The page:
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March Madness and the Inequity Conundrum


by Joshua Barnett — April 13, 2012

Every year, it happens in mid-spring. Schools across the country feel the excitement and fervor of March Madness. As sports fans are experiencing the frills and thrills of watching their team march through NCAA tournament rounds, students, parents, teachers, and administrators in local school districts across the nation face a different sense of fervor—standardized tests. In the sports world, Cinderella storylines exist when a team performs above expectation. In the K–12 assessment world, no such opportunity exists. Perhaps educators and policy makers should look away from their respective brackets and consider how to reward their local schools and teachers, who experience their own uncelebrated Cinderella stories each year.


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Cite This Article as: Teachers College Record, Date Published: April 13, 2012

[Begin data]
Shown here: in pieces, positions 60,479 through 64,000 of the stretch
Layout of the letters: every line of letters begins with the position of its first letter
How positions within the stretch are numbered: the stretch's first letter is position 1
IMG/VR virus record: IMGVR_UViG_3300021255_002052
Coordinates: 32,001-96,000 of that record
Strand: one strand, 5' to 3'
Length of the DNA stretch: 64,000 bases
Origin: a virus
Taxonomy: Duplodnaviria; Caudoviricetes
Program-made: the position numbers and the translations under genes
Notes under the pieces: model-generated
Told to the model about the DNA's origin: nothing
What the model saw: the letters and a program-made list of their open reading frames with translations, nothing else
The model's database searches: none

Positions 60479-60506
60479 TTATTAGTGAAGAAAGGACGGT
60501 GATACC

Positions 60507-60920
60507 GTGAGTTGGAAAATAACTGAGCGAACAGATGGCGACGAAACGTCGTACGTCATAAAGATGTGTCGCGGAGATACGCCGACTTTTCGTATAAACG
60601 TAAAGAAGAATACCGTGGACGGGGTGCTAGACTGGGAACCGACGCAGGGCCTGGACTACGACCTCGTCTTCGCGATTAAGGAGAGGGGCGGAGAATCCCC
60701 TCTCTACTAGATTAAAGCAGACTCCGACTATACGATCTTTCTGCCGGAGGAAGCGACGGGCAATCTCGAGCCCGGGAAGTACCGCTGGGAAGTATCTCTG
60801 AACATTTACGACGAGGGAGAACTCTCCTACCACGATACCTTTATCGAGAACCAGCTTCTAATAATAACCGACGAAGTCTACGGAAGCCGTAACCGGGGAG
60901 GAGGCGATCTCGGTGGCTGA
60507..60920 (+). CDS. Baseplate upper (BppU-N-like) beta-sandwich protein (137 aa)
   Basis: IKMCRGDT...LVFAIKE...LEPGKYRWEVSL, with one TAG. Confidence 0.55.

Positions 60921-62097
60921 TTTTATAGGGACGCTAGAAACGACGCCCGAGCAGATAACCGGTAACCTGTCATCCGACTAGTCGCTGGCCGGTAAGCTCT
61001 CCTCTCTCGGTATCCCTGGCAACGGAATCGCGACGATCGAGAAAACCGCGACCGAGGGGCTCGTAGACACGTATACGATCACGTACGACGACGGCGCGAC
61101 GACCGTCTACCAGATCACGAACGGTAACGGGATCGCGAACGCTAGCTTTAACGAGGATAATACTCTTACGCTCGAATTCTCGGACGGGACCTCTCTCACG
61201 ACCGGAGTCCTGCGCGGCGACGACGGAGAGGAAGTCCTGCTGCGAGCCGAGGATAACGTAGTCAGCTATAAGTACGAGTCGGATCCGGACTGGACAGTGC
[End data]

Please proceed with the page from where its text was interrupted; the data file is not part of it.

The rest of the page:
http://www.tcrecord.org ID Number: 16752, Date Accessed: 12/15/2017 3:05:24 AM

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About the Author
  • Joshua Barnett
    Arizona State University
    E-mail Author
    JOSHUA BARNETT is an assistant professor of education policy in the Mary Lou Fulton Teachers College at Arizona State University. His research interests include education reform, educational equity, and teacher quality. He has worked to improve teacher quality and student achievement in Arkansas, Arizona, New Jersey, and Pennsylvania, as well as internationally in New Zealand. He earned his Ph.D. in public policy in 2007 from the University of Arkansas.
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